Remembrance Day show of thanks

George Romick of the Lake Superior Scottish Regiment escorts Silver Cross Mother Shirley Boneca, who placed a wreath during the Remembrance Day ceremony at Fort William Gardens on Sunday.
(Brent Linton)
George Romick of the Lake Superior Scottish Regiment escorts Silver Cross Mother Shirley Boneca, who placed a wreath during the Remembrance Day ceremony at Fort William Gardens on Sunday. (Brent Linton)

By Matt Vis
The expressions of pride on the faces of veterans of Canada’s military and armed forces were unmistakable as they marched into the Fort William Gardens for Remembrance Day ceremonies, complete with a standing ovation from thousands of people adorned with poppies.
Event organizers estimate that just over 2,500 people joined cadets and active military personnel to honour veterans and celebrate their many sacrifices at the Gardens in Thunder Bay on Sunday.
Those involved say these ceremonies are just a small way to thank veterans for their contributions.
“With what they did, this is nothing. This is really nothing for what they went through. I’m glad that we can at least give them this,” said event chairman Tom Beda.
Remembrance Day has a simple and reflective meaning for those who have served, said George Kearney, who served in the Navy during the Second World War.
“It is a time to think of the people I served with of course, and some of the boys I grew up with, friends that didn’t quite make it and were lost on active service,” said Kearney, who is president of Royal Canadian Legion Fort William Branch No. 6.
The ceremony began with the traditional entry parade with the assistance of the Thunder Bay Police Pipes and Drums as well as the Thunder Bay Community and City Band. Once all of the participants found their place on the arena floor, the Canadian national anthem was played, followed by the firing of the first and second volleys, with a two-minute silence marking 11 a.m. This led to the reading of the prayer They Shall Grow Not Old and the firing of the third volley.
The laying of the wreaths was led by Silver Cross representative Shirley Boneca, who placed the first wreath on behalf of the Silver Cross Mothers. She lost her son, Cpl. Anthony Boneca of the Lake Superior Scottish Regiment, in July 2006 in Kandahar, Afghanistan at the age of 21.
Also among those laying wreaths was Thunder Bay-Rainy River MP John Rafferty, Thunder Bay-Atikokan MPP Bill Mauro, McIntyre ward Coun. Trevor Giertuga and Bruce Hagen, mayor of Superior, Wis.

The guest speaker for the event was Ken MacKay, who recounted his experiences in training and serving active duty in the Navy from when he enlisted in May 1942 until his discharge in 1945.
MacKay served aboard the HMCS St. Thomas beginning in December 1944 when the ship was an escort for convoys between Canada and Europe. After the European conflict was finished, he remained on board and set sail for the Pacific, but that portion of the war concluded prior to their arrival.
The ceremonies concluded with a reading of In Flander’s Fields, the ceremonial passing of the torch and the playing of God Save the Queen. Veterans Bill Bissonnette and Nick Burak, both of Slovak Branch 129, gave the closing salute to exiting marchers.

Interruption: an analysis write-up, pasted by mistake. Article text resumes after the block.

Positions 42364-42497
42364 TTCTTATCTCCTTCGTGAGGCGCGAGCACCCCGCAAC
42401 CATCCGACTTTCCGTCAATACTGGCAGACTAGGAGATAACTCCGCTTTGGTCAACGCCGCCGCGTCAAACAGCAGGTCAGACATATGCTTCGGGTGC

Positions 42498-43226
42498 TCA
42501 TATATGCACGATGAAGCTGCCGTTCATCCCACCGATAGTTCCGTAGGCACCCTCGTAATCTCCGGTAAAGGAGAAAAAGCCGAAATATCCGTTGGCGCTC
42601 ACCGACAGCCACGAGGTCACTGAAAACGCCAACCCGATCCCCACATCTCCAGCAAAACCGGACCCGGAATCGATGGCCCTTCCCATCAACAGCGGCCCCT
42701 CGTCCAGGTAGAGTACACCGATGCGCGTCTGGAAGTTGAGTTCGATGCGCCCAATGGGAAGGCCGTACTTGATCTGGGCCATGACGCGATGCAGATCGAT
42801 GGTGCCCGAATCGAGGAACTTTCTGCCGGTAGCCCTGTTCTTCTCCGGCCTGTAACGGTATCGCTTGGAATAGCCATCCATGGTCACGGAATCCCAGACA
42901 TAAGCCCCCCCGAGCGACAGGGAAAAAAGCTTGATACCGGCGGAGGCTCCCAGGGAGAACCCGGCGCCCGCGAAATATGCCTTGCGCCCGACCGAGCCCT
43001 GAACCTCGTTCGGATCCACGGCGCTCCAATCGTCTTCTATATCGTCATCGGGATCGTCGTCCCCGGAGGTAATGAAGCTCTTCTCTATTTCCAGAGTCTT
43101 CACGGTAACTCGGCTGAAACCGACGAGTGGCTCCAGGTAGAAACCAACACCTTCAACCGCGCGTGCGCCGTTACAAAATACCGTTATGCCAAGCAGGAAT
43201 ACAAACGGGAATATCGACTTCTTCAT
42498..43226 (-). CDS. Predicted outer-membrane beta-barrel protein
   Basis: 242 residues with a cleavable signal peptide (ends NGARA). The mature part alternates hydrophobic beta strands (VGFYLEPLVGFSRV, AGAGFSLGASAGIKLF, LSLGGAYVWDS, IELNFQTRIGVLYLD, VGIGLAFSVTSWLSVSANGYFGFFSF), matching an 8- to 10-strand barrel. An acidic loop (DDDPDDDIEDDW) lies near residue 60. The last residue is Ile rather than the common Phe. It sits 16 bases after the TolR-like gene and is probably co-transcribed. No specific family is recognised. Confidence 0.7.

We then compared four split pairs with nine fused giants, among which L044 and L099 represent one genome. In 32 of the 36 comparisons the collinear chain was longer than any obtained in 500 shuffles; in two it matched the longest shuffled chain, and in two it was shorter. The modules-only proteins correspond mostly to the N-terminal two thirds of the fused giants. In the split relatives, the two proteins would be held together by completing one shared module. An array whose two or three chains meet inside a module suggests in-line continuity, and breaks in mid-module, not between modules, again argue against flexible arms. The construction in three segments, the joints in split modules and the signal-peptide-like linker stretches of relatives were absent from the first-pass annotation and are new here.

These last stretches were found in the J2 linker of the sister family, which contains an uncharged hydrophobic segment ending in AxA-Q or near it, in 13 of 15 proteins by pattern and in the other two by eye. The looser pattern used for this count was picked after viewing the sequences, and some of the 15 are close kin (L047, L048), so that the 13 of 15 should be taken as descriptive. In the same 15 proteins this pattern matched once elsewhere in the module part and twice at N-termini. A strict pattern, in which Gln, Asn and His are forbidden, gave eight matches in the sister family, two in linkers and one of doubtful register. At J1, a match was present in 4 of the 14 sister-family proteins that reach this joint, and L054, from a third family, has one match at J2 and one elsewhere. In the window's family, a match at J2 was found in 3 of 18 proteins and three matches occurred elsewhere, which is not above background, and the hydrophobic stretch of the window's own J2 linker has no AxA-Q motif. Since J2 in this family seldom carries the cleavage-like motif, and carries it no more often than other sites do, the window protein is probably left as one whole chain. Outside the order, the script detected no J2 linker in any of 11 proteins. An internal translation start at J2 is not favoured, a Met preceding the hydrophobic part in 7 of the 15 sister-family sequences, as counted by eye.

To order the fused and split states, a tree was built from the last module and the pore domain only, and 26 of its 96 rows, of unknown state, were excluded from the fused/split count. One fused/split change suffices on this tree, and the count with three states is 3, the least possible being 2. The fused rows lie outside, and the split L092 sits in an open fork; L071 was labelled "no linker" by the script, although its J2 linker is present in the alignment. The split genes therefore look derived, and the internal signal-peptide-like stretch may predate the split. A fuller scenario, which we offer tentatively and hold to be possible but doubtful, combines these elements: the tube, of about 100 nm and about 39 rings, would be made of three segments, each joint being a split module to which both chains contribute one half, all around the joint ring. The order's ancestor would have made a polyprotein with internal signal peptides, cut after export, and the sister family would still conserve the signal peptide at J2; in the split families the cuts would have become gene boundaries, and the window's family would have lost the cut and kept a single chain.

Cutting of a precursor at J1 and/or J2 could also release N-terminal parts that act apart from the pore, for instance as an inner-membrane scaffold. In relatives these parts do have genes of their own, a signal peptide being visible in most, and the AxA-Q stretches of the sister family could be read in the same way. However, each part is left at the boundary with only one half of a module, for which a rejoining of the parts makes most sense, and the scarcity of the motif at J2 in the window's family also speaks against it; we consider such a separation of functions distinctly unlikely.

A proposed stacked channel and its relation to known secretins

While Beda said that he was pleased with the service, he added that he is saddened that with every passing year there are fewer veterans from the Second World War who are able to participate.
For those veterans who are able to participate, such as 91-year-old Bissonnette, sharing their experiences is crucial to keeping memories of the war alive. Inspired by the Memory Project, Bissonnette enjoys recalling his experiences flying Lancaster bombers over Europe during the Second World War.
“I have good stories to tell,” said Bissonnette.
“I can tell them what landing a Lancaster with a flat tire on one side, and (being) upside down in a Lancaster (is like).
“Just this past week I was up at Algonquin Avenue School and I talked to them for close to an hour and then they had a great big meeting at the auditorium and they gave me something to read out. I find two days later I hear a rattling in the mailbox (at home) and I went out and looked and there were 29 letters there from all the different kids. They talked about all the different things I told them about.”
Kearney can recount similar stories.
Like MacKay, the 89-year-old served in the Navy with the convoys that would escort ships on trips between Canada and Europe to protect against the deadly threat of German submarines and U-boats. Even now, there is one day that he still remembers above all others.
“One of the moments that sticks in my mind is May 14, 1945,” he said. “We encountered a German submarine on the surface that had surrendered and we passed on information of what port they had to go into. Most people in the Navy, I think, had never seen a submarine. I don’t think we even contacted one while we were on convoys and the submarines were out there until the very last days of the war.”
While most people think of veterans as being those who served in the world wars, Beda is quick to point out that those who are returning from active duty in Afghanistan are also veterans.
“The people have to realize that the folks coming back from Afghanistan are veterans,” he said. “You talk to a lot of people and they think that World War I and World War II, that’s veteran.
“But as far as I’m concerned, it’s anybody that has served.”